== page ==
From the French Revolution, Reign of Terror, and Napoleonic Wars abroad to the dramatic social changes wrought by industrialization and political agitation at home, the Romantic age in Britain was characterized by dramatic historical and political violence. As a result, the reform movement of the early nineteenth century faced a crisis of agency, in the wake of both Waterloo and Peterloo, that centered on the role of violence in the hope for social progress. In poems such as The Mask of Anarchy and political writings such as "A Philosophical View of Reform," Matthew C. Borushko argues, Percy Bysshe Shelley intervenes in this reformist crisis of agency with a highly original political program of nonviolence rooted in the redefining of aesthetics as the primary site for a critique of the violence of post-revolutionary Europe. Grounded in the dynamic historical contexts in which Shelley wrote and informed by twentieth-century theory, Shelley's Romantic Nonviolence shows how Shelley's body of work reconceived the possibility of the political possibilities of art and explores the implications of Shelley's nonviolence for later artists and reformers such as George Bernard Shaw to Mohandas K. Gandhi.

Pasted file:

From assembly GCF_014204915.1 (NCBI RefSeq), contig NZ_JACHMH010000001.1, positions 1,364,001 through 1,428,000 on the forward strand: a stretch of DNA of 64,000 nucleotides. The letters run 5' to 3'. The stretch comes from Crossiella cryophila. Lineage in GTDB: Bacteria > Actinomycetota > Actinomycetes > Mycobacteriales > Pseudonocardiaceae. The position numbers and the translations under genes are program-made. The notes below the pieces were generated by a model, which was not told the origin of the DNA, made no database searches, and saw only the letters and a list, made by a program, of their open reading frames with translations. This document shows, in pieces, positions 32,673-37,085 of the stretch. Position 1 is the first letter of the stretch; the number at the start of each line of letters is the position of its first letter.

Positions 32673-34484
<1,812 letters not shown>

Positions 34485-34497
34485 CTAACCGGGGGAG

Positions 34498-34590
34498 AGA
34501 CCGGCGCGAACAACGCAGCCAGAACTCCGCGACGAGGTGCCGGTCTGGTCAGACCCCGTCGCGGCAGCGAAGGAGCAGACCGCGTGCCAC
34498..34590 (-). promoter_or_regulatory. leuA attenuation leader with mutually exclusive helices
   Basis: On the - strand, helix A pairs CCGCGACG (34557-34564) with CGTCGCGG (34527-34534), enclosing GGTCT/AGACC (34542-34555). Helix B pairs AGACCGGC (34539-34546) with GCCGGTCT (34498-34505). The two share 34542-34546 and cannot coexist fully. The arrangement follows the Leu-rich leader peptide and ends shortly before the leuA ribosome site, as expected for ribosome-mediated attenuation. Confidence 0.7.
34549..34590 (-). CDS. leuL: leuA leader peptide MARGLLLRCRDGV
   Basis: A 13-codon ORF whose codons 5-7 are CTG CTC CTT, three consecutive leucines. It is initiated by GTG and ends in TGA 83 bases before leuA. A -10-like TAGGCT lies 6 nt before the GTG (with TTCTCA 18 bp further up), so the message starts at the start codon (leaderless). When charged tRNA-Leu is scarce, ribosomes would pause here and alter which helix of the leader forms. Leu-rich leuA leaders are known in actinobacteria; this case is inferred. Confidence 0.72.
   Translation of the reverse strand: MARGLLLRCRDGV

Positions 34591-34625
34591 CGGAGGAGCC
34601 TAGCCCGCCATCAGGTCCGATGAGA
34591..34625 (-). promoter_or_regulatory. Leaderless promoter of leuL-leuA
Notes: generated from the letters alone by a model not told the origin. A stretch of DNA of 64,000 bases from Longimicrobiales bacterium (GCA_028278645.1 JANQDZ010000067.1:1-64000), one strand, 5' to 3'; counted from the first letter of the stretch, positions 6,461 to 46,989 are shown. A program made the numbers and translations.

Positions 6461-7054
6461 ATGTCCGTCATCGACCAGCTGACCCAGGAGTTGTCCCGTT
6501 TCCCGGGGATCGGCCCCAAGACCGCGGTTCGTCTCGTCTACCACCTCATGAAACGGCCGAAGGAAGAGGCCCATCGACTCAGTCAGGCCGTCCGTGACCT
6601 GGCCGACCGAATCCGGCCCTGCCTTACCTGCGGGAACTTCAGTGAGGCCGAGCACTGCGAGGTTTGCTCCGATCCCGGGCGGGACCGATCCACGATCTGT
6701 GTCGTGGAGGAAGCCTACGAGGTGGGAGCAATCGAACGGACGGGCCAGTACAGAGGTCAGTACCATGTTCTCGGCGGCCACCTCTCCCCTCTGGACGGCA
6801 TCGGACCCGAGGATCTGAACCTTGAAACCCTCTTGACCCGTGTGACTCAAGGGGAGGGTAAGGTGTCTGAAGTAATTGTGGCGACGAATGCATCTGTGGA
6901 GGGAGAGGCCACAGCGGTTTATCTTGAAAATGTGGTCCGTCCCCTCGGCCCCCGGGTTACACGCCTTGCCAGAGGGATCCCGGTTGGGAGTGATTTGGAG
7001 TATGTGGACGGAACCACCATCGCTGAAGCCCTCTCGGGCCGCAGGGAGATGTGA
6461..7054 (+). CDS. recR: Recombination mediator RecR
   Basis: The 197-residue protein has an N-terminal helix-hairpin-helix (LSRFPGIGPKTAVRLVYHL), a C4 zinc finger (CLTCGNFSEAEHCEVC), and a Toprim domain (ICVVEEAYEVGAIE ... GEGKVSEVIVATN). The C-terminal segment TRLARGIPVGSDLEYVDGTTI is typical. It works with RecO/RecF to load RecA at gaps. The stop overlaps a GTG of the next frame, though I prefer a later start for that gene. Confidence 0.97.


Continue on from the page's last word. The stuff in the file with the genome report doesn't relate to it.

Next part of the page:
Matthew C. Borushko is Assistant Professor of English at Stonehill College, USA.